Friday, June 06, 2008

Pedobaptist Puritan failure


Phil Johnson, on the Pyromaniac blog, says the following about Puritanism in New England:

The founders of Massachusetts wanted to establish a society of believers governed by righteous laws which were enforced by magistrates who were mature church members, because they believed that would create an earthly paradise and (in the words of Matthew 5:14) a city set on a hill. But the sons and daughters of the original Puritans became so comfortable with the notion that they were keeping society righteous through righteous laws that they neglected to evangelize their own children. (Just like Old Testament Israel.) And within two generations, Puritan society was beset with the very same problems the original Puritans had left England to get away from—not to mention witch trials and religious persecution. Before much more than a century had passed, Unitarianism and Deism became more powerful religious forces in New England than Puritanism was.

This evaluation is rather consistent with our own evaluation of Pedobaptism as a whole, which we have persented on this blog. When you look at the record of history, it seems incontrovertible that Pedobaptism results in ultimate apostasy in some form.

Phil Johnson cites the case in New England. Cite any other case you please, wherever Pedobaptism has prevailed on the populace, apostasy has developed. (See Check-out Dr. Mohler's blog)

The Foolishness of Preaching

We also are impressed by Phil's emphasis on the place of Gospel preaching, to which we give a hearty "Amen!"

Phil says:

There is only one thing that can give a sinner a new heart, and that is spiritual regenerationthe new birth. And the one true instrument of the new birth is the Word of God as it is applied by the Holy Spirit.

According to 1 Peter 1:23, we are "born again, not of corruptible seed, but of incorruptible, by the word of God, which liveth and abideth for ever."

Jesus told His disciples in John 15:3, "Now ye are clean through the word which I have spoken unto you." Only the Word of God, and specifically the gospel message, has the power to transform unbelieving people's hearts and change them at the very core of who they are.

The gospel "is the power of God unto salvation to every one that believeth" (Romans 1:16), and that is why the apostle Paul said, "I am not ashamed of the gospel of Christ"—even though the gospel seems foolish and naive to those steeped in the wisdom of this world.

So neither society nor individuals can ever be redeemed (or even influenced for good) by worldly wisdom, and Christians are seriously deluded if they think the most important battles for righteousness are being waged in the arenas of politics, education, entertainment, or the arts. Those are the realms of worldly wisdom, and worldly wisdom will never be an instrument for the advancement of Christ's kingdom. According to Luke 10:21, God has "hid these things from the wise and prudent, and hast revealed them unto babes . . . for so it seemed good in [His] sight."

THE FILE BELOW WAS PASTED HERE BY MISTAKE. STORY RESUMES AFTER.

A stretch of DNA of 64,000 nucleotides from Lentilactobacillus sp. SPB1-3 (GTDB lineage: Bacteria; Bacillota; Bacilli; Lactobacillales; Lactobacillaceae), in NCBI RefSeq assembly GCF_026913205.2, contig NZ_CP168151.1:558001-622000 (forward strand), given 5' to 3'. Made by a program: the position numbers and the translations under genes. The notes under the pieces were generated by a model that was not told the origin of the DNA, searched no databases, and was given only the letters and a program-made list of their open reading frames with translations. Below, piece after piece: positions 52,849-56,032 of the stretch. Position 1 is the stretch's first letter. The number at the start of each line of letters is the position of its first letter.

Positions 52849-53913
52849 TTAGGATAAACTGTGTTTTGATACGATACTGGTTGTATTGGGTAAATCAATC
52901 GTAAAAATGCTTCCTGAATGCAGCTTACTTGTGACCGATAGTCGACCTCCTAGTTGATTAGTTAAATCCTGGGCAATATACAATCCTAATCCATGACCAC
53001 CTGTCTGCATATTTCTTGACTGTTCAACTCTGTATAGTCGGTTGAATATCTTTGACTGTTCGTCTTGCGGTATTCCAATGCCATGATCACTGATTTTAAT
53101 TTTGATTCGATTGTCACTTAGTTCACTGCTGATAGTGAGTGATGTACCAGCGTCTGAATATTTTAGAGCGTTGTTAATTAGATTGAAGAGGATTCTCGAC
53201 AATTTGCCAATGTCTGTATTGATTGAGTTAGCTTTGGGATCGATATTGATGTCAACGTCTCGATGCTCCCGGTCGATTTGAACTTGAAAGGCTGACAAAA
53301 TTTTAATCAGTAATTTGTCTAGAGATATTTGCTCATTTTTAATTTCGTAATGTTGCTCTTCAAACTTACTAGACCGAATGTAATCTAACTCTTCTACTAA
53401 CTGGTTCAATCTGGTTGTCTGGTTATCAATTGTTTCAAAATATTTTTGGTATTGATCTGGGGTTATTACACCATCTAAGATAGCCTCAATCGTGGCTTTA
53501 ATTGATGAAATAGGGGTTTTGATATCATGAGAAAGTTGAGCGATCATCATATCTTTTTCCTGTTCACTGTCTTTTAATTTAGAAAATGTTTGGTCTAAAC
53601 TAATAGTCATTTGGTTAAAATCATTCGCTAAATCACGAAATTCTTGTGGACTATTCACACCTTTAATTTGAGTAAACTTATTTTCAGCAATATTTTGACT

So to sum up: Clever amusements, pep rallies, educational programs, legislative agendas, political strategies, philosophical arguments, and all the Supreme Court rulings in the world will never turn sinners into Christians. All those things epitomize what Paul meant by worldly wisdom. They are the baggage of a carnal and utterly ineffectual strategy that will never reform a society like ours that is in love with sin. And the fact that such things consume so much evangelical energy today is a testimony to our unfaithfulness and the utter failure of the modern and postmodern evangelical movement.

God is pleased to save sinners through the clear proclamation of gospel truth.

And that is what we ought to devote our resources and energy to if we want to have an impact on our culture. We have a clear mandate to proclaim the gospel as clearly, as accurately, as powerfully, and as often as we can. We have no mandate whatsoever to use any other strategy—especially a strategy that attempts to harness aspects of worldly wisdom for influence under the misguided belief that these are more powerful than the gospel itself to transform our culture.

by Phil Johnson


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